“Too often women in history—particularly in STEM fields—are ignored and forgotten. Not by Sam Maggs. Through brilliant writing that is both factual and fun, Sam pulls back the curtain of history to show us just how kickass these amazing wonder women are. Be smart like the ladies described in this book and grab a copy today!”
—Beth Revis, author of Across the Universe and A World Without You
“Maggs's message—delivered in a snappy, girl-power tone—and her subjects—any one of whom could star in a book of her own—are timely and compelling.”
“Maggs condenses these storied lives effectively, and young feminists and supporters of women in STEM will applaud.”
“In a down-to-earth and often humorous tone, Maggs provides a[n] . . . anthology of biographies on trailblazing women [that] is likely to draw attention from a variety of readers but will especially appeal to those interested in women’s history and STEM . . . ”
“Whether you want to know about suffragists, awesome historical lady ninjas, or the other butt kicking, trailblazing smarties in between, Wonder Women will have something for you!”
—Amy Poehler’s Smart Girls
“We could all stand to learn more about women in STEM fields, and Maggs', whose book The Fangirl's Guide to the Galaxy is a gem, is just the writer to lead the way."
“History should be everyone’s favorite subject, and if more people approached it (and wrote about it) like Maggs does, perhaps it would be.”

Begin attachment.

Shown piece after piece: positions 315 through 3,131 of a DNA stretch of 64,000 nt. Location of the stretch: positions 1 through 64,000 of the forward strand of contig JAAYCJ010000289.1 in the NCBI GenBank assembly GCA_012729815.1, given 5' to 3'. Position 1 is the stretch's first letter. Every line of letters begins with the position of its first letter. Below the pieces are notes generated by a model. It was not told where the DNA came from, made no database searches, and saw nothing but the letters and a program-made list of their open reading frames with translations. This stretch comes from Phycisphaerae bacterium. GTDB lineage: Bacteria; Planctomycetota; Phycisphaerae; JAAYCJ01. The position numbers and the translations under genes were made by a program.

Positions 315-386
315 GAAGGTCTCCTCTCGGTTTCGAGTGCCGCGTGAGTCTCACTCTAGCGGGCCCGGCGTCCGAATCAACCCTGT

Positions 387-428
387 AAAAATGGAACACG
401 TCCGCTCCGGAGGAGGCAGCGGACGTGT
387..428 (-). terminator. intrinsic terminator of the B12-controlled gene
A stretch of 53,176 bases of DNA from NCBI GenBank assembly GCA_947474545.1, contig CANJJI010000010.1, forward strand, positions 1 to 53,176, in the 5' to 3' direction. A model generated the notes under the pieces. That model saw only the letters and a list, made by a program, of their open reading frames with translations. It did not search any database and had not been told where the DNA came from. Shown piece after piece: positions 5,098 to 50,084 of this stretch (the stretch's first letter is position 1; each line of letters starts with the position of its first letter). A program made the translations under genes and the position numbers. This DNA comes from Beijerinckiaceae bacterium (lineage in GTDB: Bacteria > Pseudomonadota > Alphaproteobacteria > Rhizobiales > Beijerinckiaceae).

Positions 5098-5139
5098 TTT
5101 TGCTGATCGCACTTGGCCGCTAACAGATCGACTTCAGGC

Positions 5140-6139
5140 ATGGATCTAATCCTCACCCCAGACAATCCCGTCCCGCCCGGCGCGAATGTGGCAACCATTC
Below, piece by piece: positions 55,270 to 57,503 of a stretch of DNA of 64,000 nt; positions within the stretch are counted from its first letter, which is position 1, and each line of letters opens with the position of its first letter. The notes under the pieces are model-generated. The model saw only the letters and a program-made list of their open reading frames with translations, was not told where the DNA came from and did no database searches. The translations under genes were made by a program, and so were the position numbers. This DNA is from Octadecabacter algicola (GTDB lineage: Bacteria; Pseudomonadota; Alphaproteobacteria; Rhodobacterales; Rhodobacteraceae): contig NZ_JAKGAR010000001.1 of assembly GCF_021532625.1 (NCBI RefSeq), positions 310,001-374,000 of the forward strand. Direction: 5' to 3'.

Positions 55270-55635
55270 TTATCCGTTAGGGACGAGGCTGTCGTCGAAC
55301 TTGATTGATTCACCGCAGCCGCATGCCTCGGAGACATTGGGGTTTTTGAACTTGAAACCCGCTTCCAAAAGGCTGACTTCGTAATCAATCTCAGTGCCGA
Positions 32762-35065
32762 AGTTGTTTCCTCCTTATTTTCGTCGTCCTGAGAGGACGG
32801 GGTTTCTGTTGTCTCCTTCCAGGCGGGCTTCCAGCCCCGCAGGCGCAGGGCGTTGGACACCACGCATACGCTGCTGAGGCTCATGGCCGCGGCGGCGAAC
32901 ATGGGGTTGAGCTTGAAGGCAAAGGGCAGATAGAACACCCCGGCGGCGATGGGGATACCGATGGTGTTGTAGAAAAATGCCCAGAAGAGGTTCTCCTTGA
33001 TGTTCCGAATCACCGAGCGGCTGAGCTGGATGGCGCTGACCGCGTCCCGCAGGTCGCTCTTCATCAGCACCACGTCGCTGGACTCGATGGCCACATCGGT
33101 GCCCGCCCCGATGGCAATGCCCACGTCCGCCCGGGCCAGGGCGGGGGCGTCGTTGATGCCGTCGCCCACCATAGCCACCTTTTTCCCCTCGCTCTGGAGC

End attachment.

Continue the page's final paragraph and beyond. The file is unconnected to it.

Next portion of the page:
“Embracing incredible women from all ages, of various races, and from different continents, the accounts of these extraordinary figures are spellbinding and inspirational.”
—Manhattan Book Review
“[Wonder Women] is a valuable addition to women's studies. Maggs successfully shows that women can perform as well as men if they are given an equal playing ground.”
—Washington Book Review
“These are incredible and inspirational true stories of women who dared to dream in a man's world. Additional, briefer vignettes of other notable and accomplished women round out this fascinating, educational 'must-have' for both school and public library collections.”
—Midwest Book Review
Quirk Books, 9781594749254, 240pp.
Publication Date: October 4, 2016
About the Author
Sophia Foster-Dimino is an illustrator and cartoonist whose work has appeared in the New Yorker, the New York Times, and on Google’s homepage, among others. She graduated from the Rhode Island School of Design in 2010 with a BFA in illustration and likes comics, video games, biking, food, and zines.
Conversation Starters from ReadingGroupChoices.com
1. In the introduction of Wonder Women, Sam Maggs talks about representation. What does representation mean to you? And do you share Maggs’s view about the importance of representation in media and in our daily lives?
2. The innovators showcased in Wonder Women are diverse, but they also have some important traits in common. What do you think some of their commonalities are?
3. Maggs chose to tell the stories of women who were under-recognized for their achievements. Was there anyone in the book that you already knew of?
4. Which woman’s story did you find the most fascinating?
5. Did you read anything in Wonder Women that surprised you or that stirred your emotions?
6. What lessons did you take away from the profiles of the modern day women working in STEM?
7. How do you think that you can help to bring better recognition to women in STEM and encourage younger generations to become more active in STEM-related fields?
8. If you had the opportunity to have a dinner party with three of the women profiled in Wonder Women, either living or dead, who would you choose? And why?
9. Are there any women that weren’t profiled in this book that you think of as wonder women?